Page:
John Underhill has a time machine back to 1965; a third of his spacious Granger basement is covered with his model railroad.
"I’m really playing with trains again, I’m 8 years old again and it's just great, I just love it," says Underhill.
It has been 60 years since john was eight but this hobby, no, make that his passion has really taken off for him in the last 15 years.
Underhill reflects, "This is my world, that's right, I can do what I want to with this one. I'd like to change the other one, but I can't.'
It starts in the fictional town of "River Bend" similar to South Bend.
Both the New York Central and Pennsylvania railroads are represented something that would never have happened in real life because of the fierce competition between the two.
That eventually faded when "Penn-Central" was formed.
Underhill's layout is so detailed and well-planned that back in August, it earned him a spot on the cover of "Model Railroader Magazine".
"This is really an expression of my youth in a sense that I really had a lot of toy trains when I was a kid back in the 40's and I’m sort of living the dream of having a railroad of this size now and I really enjoy it," says Underhill.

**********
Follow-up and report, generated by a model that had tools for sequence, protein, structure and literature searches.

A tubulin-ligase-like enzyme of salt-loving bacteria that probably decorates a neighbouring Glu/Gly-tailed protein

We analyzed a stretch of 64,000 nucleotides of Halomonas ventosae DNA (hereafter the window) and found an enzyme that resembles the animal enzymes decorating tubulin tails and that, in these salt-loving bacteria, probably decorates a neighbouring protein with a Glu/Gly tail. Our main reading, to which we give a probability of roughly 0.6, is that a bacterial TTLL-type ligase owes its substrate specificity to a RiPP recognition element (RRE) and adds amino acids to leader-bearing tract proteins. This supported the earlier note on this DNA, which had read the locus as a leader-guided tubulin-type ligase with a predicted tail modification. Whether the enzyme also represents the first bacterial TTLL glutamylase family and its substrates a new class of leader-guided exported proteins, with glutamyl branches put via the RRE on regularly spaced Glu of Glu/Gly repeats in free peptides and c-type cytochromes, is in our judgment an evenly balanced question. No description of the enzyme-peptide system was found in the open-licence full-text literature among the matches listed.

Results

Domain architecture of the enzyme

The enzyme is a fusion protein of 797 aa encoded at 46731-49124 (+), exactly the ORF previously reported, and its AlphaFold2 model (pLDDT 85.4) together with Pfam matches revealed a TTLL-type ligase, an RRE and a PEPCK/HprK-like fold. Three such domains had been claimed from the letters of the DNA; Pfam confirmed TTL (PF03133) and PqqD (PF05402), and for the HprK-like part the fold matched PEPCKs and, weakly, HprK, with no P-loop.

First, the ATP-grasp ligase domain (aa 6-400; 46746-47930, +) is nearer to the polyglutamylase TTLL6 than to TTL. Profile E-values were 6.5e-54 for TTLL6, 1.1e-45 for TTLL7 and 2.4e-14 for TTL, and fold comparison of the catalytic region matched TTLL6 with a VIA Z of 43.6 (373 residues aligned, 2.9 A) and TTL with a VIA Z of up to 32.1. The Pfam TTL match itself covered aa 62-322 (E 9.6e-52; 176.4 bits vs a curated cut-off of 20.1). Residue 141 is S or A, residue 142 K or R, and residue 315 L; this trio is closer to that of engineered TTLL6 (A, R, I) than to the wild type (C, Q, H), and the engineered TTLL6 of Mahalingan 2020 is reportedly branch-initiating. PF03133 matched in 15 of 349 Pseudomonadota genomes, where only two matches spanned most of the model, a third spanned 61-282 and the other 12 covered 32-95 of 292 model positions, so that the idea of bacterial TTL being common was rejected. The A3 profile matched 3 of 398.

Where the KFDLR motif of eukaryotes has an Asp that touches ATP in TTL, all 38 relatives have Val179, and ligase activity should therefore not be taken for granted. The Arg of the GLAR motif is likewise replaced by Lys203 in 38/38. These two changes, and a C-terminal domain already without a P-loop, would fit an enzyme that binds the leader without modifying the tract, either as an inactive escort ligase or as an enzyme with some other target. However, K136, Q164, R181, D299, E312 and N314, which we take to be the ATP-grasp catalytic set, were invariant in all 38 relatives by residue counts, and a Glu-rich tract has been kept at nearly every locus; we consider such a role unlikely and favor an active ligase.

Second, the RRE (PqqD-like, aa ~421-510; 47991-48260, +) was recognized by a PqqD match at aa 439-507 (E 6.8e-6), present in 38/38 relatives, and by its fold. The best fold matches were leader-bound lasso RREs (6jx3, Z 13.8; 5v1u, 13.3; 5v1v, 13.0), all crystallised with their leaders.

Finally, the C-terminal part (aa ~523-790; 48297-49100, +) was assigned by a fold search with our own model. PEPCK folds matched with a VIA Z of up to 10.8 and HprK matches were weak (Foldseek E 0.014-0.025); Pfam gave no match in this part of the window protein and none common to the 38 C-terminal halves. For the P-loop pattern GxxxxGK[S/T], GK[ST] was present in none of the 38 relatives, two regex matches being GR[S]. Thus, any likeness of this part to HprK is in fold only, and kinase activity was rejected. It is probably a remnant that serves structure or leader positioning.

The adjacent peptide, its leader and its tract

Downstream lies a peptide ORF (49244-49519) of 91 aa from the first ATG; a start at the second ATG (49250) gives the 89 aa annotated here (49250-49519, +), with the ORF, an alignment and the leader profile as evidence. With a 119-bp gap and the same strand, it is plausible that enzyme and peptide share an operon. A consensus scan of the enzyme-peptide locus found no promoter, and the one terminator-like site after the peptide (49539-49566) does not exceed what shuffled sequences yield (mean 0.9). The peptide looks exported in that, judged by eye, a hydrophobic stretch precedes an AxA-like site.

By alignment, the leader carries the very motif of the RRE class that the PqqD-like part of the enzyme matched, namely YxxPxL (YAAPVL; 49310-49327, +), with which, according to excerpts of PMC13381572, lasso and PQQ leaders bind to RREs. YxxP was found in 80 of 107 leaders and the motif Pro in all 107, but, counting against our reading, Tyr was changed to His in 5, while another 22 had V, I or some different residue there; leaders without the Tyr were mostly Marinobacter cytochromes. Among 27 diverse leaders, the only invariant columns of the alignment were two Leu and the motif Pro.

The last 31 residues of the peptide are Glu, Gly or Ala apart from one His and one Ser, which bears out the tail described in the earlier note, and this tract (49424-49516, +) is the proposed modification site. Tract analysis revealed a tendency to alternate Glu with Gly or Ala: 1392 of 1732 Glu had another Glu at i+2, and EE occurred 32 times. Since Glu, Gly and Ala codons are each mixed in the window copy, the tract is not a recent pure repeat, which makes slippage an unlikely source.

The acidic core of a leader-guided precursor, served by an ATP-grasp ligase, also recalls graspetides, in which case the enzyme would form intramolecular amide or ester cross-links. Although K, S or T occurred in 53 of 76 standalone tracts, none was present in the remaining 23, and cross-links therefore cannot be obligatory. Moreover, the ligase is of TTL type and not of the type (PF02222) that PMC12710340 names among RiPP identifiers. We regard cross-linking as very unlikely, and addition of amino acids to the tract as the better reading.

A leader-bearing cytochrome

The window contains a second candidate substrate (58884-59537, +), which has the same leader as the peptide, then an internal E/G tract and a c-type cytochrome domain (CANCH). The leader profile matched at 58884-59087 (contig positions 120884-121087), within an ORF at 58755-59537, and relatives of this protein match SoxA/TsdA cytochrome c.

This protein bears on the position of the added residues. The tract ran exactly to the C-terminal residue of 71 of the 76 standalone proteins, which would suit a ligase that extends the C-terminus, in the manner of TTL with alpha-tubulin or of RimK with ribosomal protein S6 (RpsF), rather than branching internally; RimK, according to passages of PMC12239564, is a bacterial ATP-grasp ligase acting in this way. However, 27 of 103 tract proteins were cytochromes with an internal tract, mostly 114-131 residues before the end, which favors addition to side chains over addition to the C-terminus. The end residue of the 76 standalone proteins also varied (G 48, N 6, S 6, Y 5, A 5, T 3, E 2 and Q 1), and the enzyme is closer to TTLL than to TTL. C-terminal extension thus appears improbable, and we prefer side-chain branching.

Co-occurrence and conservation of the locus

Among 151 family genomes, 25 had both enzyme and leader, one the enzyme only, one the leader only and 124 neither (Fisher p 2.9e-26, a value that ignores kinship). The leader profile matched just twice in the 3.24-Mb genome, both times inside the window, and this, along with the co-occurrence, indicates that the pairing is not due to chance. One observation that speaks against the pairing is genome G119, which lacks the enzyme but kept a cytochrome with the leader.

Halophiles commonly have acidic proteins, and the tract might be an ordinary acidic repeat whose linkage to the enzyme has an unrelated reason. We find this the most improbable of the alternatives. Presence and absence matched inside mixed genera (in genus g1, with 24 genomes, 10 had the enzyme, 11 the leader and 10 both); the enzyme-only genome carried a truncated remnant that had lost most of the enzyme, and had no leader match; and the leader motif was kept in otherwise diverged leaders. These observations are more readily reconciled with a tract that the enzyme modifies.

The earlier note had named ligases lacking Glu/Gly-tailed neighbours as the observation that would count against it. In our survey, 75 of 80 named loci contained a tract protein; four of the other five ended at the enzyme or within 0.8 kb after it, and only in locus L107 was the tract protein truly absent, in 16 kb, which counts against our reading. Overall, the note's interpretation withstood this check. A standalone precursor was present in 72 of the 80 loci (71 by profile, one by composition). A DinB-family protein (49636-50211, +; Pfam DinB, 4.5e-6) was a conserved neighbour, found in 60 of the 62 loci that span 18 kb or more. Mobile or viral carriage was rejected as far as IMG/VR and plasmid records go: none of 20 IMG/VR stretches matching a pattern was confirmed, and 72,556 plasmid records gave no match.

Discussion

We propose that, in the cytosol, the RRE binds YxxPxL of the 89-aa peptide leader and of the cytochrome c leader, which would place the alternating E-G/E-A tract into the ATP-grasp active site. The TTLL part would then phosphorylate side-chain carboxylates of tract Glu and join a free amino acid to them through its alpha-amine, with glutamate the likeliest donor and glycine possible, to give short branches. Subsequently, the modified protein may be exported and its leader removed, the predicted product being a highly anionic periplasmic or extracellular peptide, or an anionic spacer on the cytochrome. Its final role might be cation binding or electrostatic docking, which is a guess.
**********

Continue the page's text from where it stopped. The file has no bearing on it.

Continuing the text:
A miniature layout complete with more than a hundred train cars,
26 engines and 500-feet of track all remotely controlled.
"We can talk to the engines directly with this antenna. So we've just dialed-in engine number 33 and this one setting in front of us is 33," says Underhill.
Underhill says, "to me this is a 3-dimentional mural and I’m enjoying painting this mural and it's not done yet, there are a lot of things to do with it yet."
Underhill says on one building alone he spent 105 hours.
Robert Borrelli took a trip back in time to when he was a little boy, tune-in Saturday morning for our "Saturday Morning Test Drive" of John's train layout.